My hope is that addressing (maybe even fixing? Dare to dream…) these two problematic plot lines (along with everything else, of course…) will help me get over those feelings of “Something’s wrong with this book, but I don’t know what” that have been plaguing me for a while now. And if not…well, we’ll cross that bridge when (if) we come to it.

So that’s what I’ll be working on for the foreseeable future. I have no idea how long Step Three will take. Way longer than I would like, that’s for sure, but beyond that…who knows.

Certainly not me.

25 Influential Books & The Authors Who Wrote Them, Part One

Today’s post was inspired by awesome author Chrys Fey’s post, which was inspired by a certain recent (recent-ish, at least? Dunno exactly. I started writing this post a while ago and only just recently finished it, so the inspiration behind the post is likely not recent at all anymore) post by the New York Times in which I’m pretty sure they just said, “Hey, how can we make the most people angry about books with the smallest amount of effort possible?”

This will be a very bad and possibly not completely accurate recap, but basically they decided to publish a list of the 25 best books of the past 125 years. Or maybe they just wanted to know what the best book of all-time was, but ended up sharing a list of the top 25? And they asked for reader nominations and then just pulled this list out of their ass or whatever that they then published on all the social media platform things. Controversy ensured because, well, because people were involved, and wherever people go, controversy follows.

Chrys then published a list of her personal top 25 reads of the past 125 years. Her list contained some of my favorite books, and quite a few titles that have been hanging out on my TBR list.

Anyway, all this made me wonder which books I would include on such a list. Then I immediately panicked because I have not read all the books in all the world, which is, obviously, a silly thing over which to worry because of course I haven’t, but anxiety is a bitch that doesn’t often give a shit about that kind of thing.

But I decided to try it anyway.

Here are the parameters/disclaimers/whatevers for my list:

—Inclusion on this list does not mean a particular book is particularly good or has some universal appeal that makes it the best book of all time. It just holds some deep(er) meaning to me.

—I may or may not disclose that meaning to you. Some things are private and will stay that way.

—This will not be the most diverse list of books to ever exist on the face of the earth. I fully admit I have not been the most diverse reader out there. I definitely could—and should—do better.

—Some of these listings include an entire series or two, which may seem like cheating, but I did it anyway. So there.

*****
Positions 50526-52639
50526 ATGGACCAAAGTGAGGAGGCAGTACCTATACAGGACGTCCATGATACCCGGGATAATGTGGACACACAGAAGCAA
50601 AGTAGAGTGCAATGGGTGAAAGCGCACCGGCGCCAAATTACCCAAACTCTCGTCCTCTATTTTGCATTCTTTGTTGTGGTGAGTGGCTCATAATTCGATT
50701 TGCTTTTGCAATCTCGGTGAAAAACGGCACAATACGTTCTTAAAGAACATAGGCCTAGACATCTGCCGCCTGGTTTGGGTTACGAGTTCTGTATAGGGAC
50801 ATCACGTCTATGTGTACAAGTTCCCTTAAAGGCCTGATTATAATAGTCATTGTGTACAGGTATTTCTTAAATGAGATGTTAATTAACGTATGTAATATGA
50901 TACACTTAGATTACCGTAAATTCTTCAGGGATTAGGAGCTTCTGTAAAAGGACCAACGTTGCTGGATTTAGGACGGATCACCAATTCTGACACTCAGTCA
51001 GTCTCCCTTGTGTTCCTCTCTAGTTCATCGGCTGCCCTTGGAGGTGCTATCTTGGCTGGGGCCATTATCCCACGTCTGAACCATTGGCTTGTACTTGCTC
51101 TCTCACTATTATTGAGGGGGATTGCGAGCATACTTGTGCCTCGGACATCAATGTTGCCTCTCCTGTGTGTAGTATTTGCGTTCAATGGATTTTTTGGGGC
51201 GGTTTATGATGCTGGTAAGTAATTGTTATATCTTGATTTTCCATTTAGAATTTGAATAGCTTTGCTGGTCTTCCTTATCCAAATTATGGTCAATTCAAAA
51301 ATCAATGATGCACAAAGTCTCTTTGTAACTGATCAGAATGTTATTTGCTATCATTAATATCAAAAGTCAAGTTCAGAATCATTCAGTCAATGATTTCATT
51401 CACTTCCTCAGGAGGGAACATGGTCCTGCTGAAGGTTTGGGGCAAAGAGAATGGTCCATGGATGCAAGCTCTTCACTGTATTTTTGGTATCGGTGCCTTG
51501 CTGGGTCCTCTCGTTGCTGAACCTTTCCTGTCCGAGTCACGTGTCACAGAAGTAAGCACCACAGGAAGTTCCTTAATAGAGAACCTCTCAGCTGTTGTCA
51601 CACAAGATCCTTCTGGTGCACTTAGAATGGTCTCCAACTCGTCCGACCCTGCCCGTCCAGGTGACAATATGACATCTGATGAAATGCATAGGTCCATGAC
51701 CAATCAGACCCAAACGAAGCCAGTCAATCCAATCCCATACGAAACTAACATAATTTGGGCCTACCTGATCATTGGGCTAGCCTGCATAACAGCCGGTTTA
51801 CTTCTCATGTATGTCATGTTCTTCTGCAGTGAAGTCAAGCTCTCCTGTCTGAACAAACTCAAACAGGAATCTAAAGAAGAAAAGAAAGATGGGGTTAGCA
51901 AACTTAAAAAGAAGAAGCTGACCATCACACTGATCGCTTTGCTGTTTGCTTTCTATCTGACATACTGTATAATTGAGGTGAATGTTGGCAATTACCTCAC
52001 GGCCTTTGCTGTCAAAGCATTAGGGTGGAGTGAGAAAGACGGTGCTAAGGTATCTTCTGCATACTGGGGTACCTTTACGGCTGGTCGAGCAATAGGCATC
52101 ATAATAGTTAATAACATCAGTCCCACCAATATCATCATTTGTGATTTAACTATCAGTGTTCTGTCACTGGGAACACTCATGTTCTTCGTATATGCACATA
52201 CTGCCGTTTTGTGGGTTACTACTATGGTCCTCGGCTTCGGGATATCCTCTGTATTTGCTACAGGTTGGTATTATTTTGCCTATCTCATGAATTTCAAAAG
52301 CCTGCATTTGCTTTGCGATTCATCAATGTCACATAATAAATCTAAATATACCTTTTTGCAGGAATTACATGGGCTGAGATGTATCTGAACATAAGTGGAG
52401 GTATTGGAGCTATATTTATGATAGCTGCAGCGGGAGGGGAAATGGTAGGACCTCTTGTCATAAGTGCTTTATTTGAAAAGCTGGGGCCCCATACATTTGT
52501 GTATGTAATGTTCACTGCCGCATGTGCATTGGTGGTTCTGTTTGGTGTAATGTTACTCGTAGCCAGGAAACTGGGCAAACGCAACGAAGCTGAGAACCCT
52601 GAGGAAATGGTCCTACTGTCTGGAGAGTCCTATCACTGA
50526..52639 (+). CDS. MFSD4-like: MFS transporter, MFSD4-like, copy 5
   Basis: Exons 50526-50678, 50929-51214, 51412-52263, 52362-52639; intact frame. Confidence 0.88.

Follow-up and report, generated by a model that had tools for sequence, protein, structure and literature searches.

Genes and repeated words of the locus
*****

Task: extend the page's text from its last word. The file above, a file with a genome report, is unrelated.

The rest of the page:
—This list will not be in any particular order.

—This list contains both fiction and non-fiction titles, but mostly fiction because, as I stated earlier, I have not been the most diverse reader ever.

—This list, as suggested by the title of this post, may, in fact, focus more on the authors themselves rather than individual books. It’s a mixture.

—This list is, and always will be, subject to change. In theory, I will keep reading new books, and some of those new books may warrant a spot on this list. I won’t know until I’ve read them.

Today’s post includes the first half of my list. In theory, I will eventually finish and publish the second half. In theory. I mean, I know how long it took me to write this post, so that second half may never see the light of day. But at any rate, the first half is here now for your reading (and judging) pleasure.

Are we ready?

The President’s Daughter series by Ellen Emerson White

This is certainly not the first time I’ve talked about this four-book series on this blog. These books were HUGELY influential to me. When I was in middle school, I was reading a lot of Sweet Valley High books, so many that both my mother and my teacher begged me to read something else. Anything else. I went to my school library to wander the stacks and I came across The President’s Daughter, a novel about a 16-year-old girl whose mother is elected president of the United States. I quickly fell in love and became totally obsessed with the main character—a love and obsession which continues on to this day. My sisters also love these books, which is, quite possibly, the only thing on earth on which we all agree.

From a writing standpoint, these books showed me how to write better. They really crystallized what a distinct character voice should sound like.

Plus, one time, I totally was privileged enough to have a multi-day conversation with the author herself about Buffy The Vampire Slayer and Battlestar Galactica, thereby fulfilling a life goal I didn’t realize I had until it happened.

It was awesome. She is awesome. And so is her writing.

The Secret of the Unicorn Queen series by Josepha Sherman, Gwen Hansen, Dory Perlman, and Suzanne Weyn